One day of it and the average business man would reach his hat off the peg and make hasty tracks to the boiler factory or the counting office! These Food Board officials have to draw upon deep reservoirs of tact and patience; and the amount of detail that passes through their hands is astonishing.

To review what the Food Board has accomplished during its half year or so of service is unnecessary because every step has been undertaken in the full white light of publicity and the whole programme is well known to the public who live up to it—or rather, down to it. It is sufficient to say that a system of restraints, some iron-bound and legal, others merely suggestive, have been erected around the production and sale of food on the one hand and the eating of food on the other. The farmer still runs his farm as he jolly well pleases and raises such crops as he sees fit, but the manufacturer of food has to operate under a license. If the Food Board saw fit it could probably close up many factories now running, and dispose of the raw material thus saved in any way it saw fit. The' baker and merchant are also licensed and any infringement of the regulations would cost them iheir licenses promptly and inexorably. There are real restrictions also on the consumer. Meals in hotels and restaurants are subject to restrictions and rules, picnics may not be held in the old way, supplies of such essentials as sugar and flour may be purchased in restricted quantities only. The pressure laid on the consumer has been for the most part, however, of an educative nature.

The burden that has been imposed upon us has not been unbearable, in fact not even heavy. Nevertheless it has been effective and to-day it is a new feather in Canada’s cap that we have exceeded our objective.

AS for the future, it may be that the Food Board will find it necessary to come down on us a little harder. One thing is certain, however. The officials know the situation fully and have a thorough appreciation of the fact that drastic measures that might upset existing conditions. Nothing rash will be done.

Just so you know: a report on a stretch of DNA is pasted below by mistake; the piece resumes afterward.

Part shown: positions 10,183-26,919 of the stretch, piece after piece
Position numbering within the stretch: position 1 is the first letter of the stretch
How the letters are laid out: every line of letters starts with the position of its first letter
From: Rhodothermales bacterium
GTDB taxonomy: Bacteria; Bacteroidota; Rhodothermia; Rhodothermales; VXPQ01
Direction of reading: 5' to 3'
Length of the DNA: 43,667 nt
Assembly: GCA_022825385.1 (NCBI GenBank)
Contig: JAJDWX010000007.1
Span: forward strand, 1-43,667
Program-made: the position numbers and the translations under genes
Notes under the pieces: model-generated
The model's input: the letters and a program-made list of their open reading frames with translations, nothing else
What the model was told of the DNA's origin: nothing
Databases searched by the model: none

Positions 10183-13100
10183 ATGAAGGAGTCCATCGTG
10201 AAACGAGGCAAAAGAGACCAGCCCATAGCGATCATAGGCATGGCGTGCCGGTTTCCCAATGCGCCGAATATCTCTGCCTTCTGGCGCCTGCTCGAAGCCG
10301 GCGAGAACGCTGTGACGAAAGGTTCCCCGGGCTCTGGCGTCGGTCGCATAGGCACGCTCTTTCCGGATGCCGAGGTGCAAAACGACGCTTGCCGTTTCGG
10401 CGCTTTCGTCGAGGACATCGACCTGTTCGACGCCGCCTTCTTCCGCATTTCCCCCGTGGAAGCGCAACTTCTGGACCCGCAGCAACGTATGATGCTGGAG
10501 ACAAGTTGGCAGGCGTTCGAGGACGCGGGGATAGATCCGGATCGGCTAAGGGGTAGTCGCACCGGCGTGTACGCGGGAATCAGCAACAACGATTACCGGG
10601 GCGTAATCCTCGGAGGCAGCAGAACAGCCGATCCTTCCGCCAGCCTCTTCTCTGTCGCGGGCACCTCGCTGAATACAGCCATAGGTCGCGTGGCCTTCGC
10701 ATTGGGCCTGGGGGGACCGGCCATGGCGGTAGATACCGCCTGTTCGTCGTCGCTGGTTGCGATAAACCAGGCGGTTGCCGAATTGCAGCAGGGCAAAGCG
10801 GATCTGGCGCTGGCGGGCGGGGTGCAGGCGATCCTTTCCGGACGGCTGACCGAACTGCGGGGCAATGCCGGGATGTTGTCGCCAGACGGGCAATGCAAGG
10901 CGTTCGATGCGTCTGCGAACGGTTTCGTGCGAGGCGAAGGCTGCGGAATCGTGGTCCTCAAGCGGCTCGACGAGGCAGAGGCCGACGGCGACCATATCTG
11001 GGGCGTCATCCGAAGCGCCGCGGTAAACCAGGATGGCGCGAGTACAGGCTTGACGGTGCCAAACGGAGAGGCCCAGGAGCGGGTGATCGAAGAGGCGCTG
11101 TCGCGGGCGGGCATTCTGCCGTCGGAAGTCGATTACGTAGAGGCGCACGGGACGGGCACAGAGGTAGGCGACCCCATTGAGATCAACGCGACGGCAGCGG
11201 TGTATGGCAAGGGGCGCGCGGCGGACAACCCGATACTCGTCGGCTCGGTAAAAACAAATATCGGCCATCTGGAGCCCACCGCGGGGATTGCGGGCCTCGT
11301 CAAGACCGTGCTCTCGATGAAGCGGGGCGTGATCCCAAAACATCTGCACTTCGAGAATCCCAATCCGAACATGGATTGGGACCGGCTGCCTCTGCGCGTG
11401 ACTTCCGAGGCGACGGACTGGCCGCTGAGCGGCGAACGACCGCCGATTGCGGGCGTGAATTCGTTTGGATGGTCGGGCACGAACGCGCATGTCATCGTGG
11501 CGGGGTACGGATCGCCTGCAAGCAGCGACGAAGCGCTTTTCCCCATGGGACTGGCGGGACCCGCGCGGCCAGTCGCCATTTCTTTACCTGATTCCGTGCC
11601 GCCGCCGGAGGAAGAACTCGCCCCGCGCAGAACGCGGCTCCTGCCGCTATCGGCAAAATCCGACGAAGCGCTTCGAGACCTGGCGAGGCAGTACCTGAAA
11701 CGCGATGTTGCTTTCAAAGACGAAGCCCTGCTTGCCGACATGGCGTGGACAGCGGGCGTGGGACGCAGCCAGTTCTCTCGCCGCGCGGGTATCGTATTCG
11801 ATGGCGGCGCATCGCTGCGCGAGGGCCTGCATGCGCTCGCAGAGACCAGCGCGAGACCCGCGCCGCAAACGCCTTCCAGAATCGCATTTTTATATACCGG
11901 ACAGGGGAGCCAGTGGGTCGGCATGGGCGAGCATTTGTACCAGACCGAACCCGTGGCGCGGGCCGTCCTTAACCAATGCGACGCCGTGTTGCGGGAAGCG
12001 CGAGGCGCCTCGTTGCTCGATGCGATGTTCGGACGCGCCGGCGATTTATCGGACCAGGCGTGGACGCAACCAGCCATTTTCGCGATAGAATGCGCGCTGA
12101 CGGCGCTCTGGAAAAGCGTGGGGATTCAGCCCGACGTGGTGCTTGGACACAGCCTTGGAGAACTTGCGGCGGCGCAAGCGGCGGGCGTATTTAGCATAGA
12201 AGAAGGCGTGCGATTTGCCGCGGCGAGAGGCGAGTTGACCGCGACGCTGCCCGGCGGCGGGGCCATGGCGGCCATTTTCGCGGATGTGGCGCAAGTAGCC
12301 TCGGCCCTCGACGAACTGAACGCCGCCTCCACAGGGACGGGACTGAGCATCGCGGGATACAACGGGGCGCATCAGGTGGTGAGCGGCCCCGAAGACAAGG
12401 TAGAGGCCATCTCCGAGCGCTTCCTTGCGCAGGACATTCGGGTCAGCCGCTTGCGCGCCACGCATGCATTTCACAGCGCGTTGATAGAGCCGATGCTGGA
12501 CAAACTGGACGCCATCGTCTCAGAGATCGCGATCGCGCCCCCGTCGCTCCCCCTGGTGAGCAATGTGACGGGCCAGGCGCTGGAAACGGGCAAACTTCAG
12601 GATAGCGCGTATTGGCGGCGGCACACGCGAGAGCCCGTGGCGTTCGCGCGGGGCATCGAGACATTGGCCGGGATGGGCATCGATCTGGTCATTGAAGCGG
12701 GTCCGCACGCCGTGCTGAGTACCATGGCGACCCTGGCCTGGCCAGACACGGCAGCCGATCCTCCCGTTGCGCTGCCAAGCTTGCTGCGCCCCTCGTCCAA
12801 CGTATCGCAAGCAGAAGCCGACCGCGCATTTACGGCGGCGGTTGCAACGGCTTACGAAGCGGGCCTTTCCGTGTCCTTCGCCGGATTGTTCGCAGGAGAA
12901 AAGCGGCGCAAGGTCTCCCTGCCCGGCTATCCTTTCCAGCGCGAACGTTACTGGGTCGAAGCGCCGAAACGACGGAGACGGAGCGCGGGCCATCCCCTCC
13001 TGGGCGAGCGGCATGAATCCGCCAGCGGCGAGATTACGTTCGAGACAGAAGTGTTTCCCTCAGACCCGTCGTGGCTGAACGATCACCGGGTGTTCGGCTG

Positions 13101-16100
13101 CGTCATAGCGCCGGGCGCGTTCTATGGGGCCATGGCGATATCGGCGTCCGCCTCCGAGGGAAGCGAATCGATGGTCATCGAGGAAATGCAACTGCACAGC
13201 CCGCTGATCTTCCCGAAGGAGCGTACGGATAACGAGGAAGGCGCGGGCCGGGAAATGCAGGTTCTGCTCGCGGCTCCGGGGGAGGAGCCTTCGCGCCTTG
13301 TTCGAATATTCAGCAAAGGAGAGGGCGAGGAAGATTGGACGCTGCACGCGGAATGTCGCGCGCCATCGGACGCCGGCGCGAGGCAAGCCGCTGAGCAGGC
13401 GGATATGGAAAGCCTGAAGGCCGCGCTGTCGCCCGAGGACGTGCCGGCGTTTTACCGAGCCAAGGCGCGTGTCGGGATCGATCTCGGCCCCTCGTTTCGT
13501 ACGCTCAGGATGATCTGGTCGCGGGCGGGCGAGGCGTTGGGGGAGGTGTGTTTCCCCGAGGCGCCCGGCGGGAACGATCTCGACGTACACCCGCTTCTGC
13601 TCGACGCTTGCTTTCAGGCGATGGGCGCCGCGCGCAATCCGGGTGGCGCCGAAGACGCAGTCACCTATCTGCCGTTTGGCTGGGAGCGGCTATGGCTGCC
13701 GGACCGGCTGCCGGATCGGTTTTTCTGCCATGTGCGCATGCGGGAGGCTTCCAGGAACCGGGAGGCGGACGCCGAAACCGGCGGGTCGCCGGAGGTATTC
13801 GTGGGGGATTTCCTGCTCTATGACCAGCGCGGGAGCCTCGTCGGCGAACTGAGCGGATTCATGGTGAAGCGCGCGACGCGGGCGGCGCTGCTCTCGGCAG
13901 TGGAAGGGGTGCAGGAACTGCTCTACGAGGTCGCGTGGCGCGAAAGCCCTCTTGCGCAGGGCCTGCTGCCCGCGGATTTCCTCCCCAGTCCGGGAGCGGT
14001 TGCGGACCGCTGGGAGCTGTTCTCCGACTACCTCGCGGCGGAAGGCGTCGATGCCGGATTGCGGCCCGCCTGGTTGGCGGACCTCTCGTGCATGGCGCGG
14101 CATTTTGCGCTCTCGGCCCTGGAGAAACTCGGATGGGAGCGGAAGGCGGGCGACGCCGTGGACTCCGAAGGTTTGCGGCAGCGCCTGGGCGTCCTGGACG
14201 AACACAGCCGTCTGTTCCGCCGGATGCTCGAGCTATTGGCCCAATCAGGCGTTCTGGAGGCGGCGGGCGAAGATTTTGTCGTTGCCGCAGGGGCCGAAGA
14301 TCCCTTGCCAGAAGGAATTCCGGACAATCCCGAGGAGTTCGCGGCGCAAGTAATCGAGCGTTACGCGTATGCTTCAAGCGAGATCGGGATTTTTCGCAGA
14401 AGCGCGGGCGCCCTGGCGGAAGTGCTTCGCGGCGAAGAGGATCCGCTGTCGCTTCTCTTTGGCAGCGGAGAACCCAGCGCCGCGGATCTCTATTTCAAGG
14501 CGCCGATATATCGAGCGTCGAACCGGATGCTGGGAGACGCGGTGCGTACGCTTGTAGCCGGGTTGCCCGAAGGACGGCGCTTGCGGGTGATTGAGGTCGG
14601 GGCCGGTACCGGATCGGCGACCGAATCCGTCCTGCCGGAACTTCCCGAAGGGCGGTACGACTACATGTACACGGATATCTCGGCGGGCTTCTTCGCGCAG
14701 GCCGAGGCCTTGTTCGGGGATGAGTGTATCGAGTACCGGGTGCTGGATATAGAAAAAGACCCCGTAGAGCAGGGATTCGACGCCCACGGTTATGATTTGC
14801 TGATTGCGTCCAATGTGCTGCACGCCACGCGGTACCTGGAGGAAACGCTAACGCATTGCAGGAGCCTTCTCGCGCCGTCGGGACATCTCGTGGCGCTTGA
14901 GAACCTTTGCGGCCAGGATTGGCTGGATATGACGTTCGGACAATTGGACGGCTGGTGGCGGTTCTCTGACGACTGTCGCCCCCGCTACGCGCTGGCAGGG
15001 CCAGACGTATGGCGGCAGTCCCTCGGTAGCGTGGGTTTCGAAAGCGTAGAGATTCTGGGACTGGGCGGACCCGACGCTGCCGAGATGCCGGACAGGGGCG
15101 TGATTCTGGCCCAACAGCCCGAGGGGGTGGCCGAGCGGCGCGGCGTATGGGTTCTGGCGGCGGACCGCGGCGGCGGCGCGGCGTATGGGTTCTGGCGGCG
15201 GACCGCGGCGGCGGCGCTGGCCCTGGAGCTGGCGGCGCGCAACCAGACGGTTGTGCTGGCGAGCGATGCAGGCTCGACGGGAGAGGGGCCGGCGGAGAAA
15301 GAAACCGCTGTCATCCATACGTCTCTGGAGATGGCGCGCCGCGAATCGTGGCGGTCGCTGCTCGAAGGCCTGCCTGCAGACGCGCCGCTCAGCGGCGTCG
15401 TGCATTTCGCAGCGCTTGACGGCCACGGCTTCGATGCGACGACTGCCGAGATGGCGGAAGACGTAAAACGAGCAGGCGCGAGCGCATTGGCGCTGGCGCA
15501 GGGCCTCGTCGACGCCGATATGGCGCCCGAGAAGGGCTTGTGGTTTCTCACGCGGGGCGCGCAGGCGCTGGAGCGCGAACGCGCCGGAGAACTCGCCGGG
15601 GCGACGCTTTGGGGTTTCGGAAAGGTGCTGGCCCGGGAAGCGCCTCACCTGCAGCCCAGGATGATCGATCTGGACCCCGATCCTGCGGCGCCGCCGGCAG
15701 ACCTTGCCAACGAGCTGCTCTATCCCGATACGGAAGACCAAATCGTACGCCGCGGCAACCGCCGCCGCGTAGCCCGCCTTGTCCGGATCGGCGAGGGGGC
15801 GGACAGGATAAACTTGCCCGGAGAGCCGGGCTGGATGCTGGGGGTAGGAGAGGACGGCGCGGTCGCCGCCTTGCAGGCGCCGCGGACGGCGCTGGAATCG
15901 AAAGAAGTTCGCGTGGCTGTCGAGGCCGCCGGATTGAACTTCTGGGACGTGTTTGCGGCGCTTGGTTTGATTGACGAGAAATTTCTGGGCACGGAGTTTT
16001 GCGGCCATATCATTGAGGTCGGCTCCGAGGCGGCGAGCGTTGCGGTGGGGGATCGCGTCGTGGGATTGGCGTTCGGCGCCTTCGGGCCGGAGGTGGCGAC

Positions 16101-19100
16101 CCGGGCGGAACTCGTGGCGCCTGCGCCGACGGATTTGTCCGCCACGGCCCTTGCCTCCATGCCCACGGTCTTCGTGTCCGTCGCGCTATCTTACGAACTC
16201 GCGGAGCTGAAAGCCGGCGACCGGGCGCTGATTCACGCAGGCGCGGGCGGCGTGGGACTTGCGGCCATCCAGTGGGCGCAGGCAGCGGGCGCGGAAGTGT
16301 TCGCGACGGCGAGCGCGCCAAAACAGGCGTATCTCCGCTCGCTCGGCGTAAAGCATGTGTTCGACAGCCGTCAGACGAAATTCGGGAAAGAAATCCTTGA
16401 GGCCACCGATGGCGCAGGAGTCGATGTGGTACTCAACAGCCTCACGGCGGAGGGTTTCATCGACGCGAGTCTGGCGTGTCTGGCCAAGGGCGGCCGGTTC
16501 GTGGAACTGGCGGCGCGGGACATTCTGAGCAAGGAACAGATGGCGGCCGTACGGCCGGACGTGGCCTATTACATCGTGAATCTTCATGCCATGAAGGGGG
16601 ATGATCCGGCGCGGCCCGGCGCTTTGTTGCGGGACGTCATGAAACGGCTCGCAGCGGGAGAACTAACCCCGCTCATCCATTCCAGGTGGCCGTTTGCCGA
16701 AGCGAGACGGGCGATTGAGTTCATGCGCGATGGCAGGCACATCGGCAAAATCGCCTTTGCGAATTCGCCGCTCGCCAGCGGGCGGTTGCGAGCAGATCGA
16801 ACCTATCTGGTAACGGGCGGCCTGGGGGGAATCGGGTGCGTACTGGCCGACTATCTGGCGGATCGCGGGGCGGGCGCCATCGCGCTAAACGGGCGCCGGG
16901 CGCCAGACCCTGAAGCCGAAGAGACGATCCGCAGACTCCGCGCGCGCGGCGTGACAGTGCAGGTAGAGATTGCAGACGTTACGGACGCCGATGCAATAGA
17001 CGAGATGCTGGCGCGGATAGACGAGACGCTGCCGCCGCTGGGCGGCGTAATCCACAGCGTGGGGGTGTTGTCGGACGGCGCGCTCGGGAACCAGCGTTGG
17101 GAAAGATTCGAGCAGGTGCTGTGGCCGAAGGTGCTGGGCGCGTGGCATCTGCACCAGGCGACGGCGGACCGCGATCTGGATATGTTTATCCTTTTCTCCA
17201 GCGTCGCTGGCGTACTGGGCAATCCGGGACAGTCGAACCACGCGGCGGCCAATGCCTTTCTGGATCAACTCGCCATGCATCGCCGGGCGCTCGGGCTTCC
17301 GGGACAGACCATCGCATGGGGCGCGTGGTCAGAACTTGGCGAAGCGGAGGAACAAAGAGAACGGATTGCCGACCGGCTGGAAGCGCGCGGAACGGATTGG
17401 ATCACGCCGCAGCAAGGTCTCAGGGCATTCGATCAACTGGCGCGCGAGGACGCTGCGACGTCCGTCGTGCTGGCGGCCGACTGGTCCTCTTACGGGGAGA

It is very doubtful if Canada will ever reach the stage where compulsory rationing is either practicable or necessary. Canada is too big. Imagine issuing bread tickets to the people of a country over 4,000 miles from coast to coast! What system could be devised to keep tab on the larders and the dinner tables and the lunch pails of eight million people thinly distributed over a continent? The Food Board considered this problem on a business basis and found that the cost of operating such a system would be eight million dollars a year and that a whole army of officers would be needed to keep it running.

It is certain, however, that a greater strain will have to be placed upon us if the needs of our allies, growing more exacting all the time, are to be met. Canadians must be prepared to take up another notch or two in the belt.

Now that the public has gained the right angle on the food control problem it is not likely that there will be any difficulty in exceeding any new food objectives that may be set.